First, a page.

Ignition blog  /  Your business  &  Growth  /  How to choose the right client and define your ICP
ICP marketing: The silver bullet your accounting practice needs?
YOUR BUSINESS 7 mins 31 Oct 2022 by Nigel Bowen
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From time immemorial, business owners have grumbled about ‘bad’ customers.

But as cathartic as venting can be, it’s not a strategy to grow a profitable accounting practice. Rather than dividing customers into ‘good’ and ‘bad’ categories, often based on the emotional reaction they evoke, successful business people focus on client selection, specifically increasing the number of ‘ideal clients’ they service.

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ICP marketing 101

The ideal customer of a business is one that generates the maximum amount of profit for that business with a minimal amount of hassle.

If you haven’t given deep thought to who your practice’s ideal client would be, rest assured that you’re in the majority. The good news is that you can quickly identify your practice’s ideal customer profile (ICP), if you’re willing to invest a little time and effort into the process (see below). The even better news is that creating this ICP will almost certainly boost your practice’s bottom line by allowing it to more effectively target lucrative clients while more effortlessly steering clear of unprofitable ones.

As explained in this article by Gartner, Ideal Customer Profile (ICP) marketing can achieve “compelling business results including: faster sales cycles; higher conversion rates; [and] greater average ACV [annual contract value] and LTV [Lifetime Value].”

Think of it as applying the Pareto principle, also referred to as the 80/20 rule. You let go of the 20 percent of the clients who consume a lot of bandwidth while generating modest revenues to concentrate on the 20 percent of the clients who make it rain without expecting you to be at their beck and call 24/7.

Adriaan Basson is the founder of the South African firm Wingman Accounting. He has observed, “You can really accelerate your growth by being ultra-selective on who you let through the gate… The 80/20 principle is true – I’ve found that you always end up spending a whole lot more time on the clients that you don’t love working with and that don’t really bring you much revenue.”

What is an ideal customer profile?

You’ve probably read a few ‘How to market your business’ articles. If you have, you may imagine creating an ICP involves determining what your practice’s total addressable market is and then working back to identify a target market and then constructing 'buyer personas'.

There’s an overlap between traditional marketing and ICP marketing, but there are also some differences. ICP marketing focuses on businesses. Traditional, persona-based marketing focuses on those individuals within a company (or household) who make purchasing decisions.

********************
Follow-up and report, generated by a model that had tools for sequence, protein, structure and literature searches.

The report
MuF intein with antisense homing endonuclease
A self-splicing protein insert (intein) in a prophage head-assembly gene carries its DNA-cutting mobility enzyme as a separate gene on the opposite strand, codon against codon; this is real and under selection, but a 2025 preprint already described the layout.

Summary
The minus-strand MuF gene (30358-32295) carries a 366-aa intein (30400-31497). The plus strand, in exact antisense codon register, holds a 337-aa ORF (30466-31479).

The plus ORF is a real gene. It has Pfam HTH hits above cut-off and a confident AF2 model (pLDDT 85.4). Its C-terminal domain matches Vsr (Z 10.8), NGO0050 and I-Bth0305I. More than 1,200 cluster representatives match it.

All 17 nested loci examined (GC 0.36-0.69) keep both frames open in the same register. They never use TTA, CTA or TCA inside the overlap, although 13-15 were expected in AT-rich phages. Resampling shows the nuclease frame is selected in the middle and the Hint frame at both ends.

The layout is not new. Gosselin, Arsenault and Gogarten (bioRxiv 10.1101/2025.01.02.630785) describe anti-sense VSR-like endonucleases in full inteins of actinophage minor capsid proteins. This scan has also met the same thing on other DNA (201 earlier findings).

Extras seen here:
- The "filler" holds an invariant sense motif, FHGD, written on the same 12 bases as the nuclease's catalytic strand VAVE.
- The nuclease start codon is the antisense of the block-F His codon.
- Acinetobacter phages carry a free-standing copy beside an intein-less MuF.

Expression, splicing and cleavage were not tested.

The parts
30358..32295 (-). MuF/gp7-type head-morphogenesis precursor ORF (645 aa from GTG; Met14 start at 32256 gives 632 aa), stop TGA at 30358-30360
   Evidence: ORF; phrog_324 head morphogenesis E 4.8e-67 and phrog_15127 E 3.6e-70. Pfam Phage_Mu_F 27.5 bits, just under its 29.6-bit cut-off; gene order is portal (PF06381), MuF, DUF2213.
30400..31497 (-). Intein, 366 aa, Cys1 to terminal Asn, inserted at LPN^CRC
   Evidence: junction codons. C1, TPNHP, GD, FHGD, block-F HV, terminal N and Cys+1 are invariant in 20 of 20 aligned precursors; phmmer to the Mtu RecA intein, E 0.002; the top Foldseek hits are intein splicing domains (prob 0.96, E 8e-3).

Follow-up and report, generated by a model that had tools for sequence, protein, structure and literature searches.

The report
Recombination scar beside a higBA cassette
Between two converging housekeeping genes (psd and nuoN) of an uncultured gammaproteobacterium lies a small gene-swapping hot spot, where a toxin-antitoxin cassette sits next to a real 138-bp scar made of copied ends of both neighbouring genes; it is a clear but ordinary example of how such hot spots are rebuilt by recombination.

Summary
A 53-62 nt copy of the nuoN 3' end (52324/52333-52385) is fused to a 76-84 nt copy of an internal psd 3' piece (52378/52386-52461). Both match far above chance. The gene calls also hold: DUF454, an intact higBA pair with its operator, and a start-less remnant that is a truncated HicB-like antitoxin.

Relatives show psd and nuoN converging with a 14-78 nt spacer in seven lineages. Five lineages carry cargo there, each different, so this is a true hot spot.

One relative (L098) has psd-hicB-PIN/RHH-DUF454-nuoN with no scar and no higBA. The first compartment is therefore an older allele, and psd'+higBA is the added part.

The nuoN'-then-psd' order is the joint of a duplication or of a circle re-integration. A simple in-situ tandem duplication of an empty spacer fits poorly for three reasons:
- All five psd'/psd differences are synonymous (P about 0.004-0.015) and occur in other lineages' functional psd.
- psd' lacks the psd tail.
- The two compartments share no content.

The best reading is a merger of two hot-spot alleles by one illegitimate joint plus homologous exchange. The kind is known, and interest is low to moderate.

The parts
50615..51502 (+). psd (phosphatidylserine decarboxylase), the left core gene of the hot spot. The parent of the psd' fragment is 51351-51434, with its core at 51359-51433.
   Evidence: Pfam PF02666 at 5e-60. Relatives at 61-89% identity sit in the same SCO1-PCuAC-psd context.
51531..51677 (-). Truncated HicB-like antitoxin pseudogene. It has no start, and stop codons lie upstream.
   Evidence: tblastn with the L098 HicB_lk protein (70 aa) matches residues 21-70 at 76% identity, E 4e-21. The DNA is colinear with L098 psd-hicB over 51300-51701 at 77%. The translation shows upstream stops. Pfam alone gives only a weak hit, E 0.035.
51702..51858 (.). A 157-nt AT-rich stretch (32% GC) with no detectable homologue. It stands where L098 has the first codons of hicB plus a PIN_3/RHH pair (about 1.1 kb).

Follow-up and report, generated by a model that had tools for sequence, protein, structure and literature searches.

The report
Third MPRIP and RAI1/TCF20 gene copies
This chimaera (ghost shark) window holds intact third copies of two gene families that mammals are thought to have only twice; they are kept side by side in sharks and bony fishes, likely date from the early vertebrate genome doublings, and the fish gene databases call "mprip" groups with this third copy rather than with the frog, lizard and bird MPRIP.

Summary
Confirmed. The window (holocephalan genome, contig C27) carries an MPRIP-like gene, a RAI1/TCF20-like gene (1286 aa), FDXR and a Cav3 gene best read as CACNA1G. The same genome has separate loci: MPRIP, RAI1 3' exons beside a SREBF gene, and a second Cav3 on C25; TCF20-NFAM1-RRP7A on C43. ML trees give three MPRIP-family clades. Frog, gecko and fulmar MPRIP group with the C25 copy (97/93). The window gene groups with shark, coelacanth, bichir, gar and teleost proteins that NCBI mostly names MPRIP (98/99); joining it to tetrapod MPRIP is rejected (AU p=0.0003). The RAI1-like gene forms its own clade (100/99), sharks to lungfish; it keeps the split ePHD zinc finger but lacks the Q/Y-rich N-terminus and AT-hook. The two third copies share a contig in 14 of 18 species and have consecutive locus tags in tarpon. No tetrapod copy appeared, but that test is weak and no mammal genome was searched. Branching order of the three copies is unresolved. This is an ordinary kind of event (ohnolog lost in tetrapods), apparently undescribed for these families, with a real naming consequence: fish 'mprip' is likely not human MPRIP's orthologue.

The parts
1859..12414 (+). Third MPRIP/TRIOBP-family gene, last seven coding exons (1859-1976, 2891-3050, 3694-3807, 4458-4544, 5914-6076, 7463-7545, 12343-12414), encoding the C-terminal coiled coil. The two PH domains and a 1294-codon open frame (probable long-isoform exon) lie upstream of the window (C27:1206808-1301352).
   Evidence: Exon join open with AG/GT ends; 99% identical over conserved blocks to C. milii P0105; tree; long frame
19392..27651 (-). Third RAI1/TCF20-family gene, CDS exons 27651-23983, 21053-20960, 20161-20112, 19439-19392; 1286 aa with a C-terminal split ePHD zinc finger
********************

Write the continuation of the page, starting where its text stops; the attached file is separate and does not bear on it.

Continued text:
As this article from Qualtrics puts it, “Your Ideal Customer Profile describes the company that your buyer persona works for. So, let’s imagine that you sell vehicle fleets to hospitality businesses. If your ICP is a chain of hotels, one of your buyer personas might be the operational manager for that chain.”

Persona-based marketing is more of an art than a science. In contrast, creating an ideal customer profile is a data-driven exercise. As Tom Scearce says, “The ideal customer profile (ICP) defines the firmographic, environmental and behavioral attributes of accounts that are expected to become a company’s most valuable customers. It is developed through both qualitative and quantitative analyses, and may optionally be informed by predictive analytics software.”

Using an ideal customer profile template

There’s no right or wrong way to identify your business’s ideal clients. But you’re likely to get the best results if you round up any colleagues who might have something valuable to contribute and work through a list of questions about the characteristics of your business and the characteristics of businesses it is best suited to working with.

This Qualtrics’ ideal client worksheet suggests the following three-step approach:

  1. Figure out what your practice does best. What is your USP? Who is your customer base? What attracted the existing customer base? (Price? Quality? Niche positioning?)

  2. Identify your practice’s ‘good enough’ customers. Be warned, your ‘good’ customers – the ones who are friendly, or undemanding, or flush with cash – may not be your ideal customers. Nonetheless, you and your colleagues will be able to identify the type of customers in the running to be ideal clients and those (late payers and time-wasters) who aren’t. Consider your practice’s ‘good enough’ customers and determine whether they have common traits. For instance, does everyone at your practice find it easier working with mid-sized businesses than with small ones, or vice versa?

  3. Drill down. Once you’ve got a broad idea of who might be ideal clients for your practice, it’s time to clarify things by referring to an ideal customer profile template and posing questions such as the following:

  • What industry do they (i.e. your ideal customer) operate in?
  • Where are they based?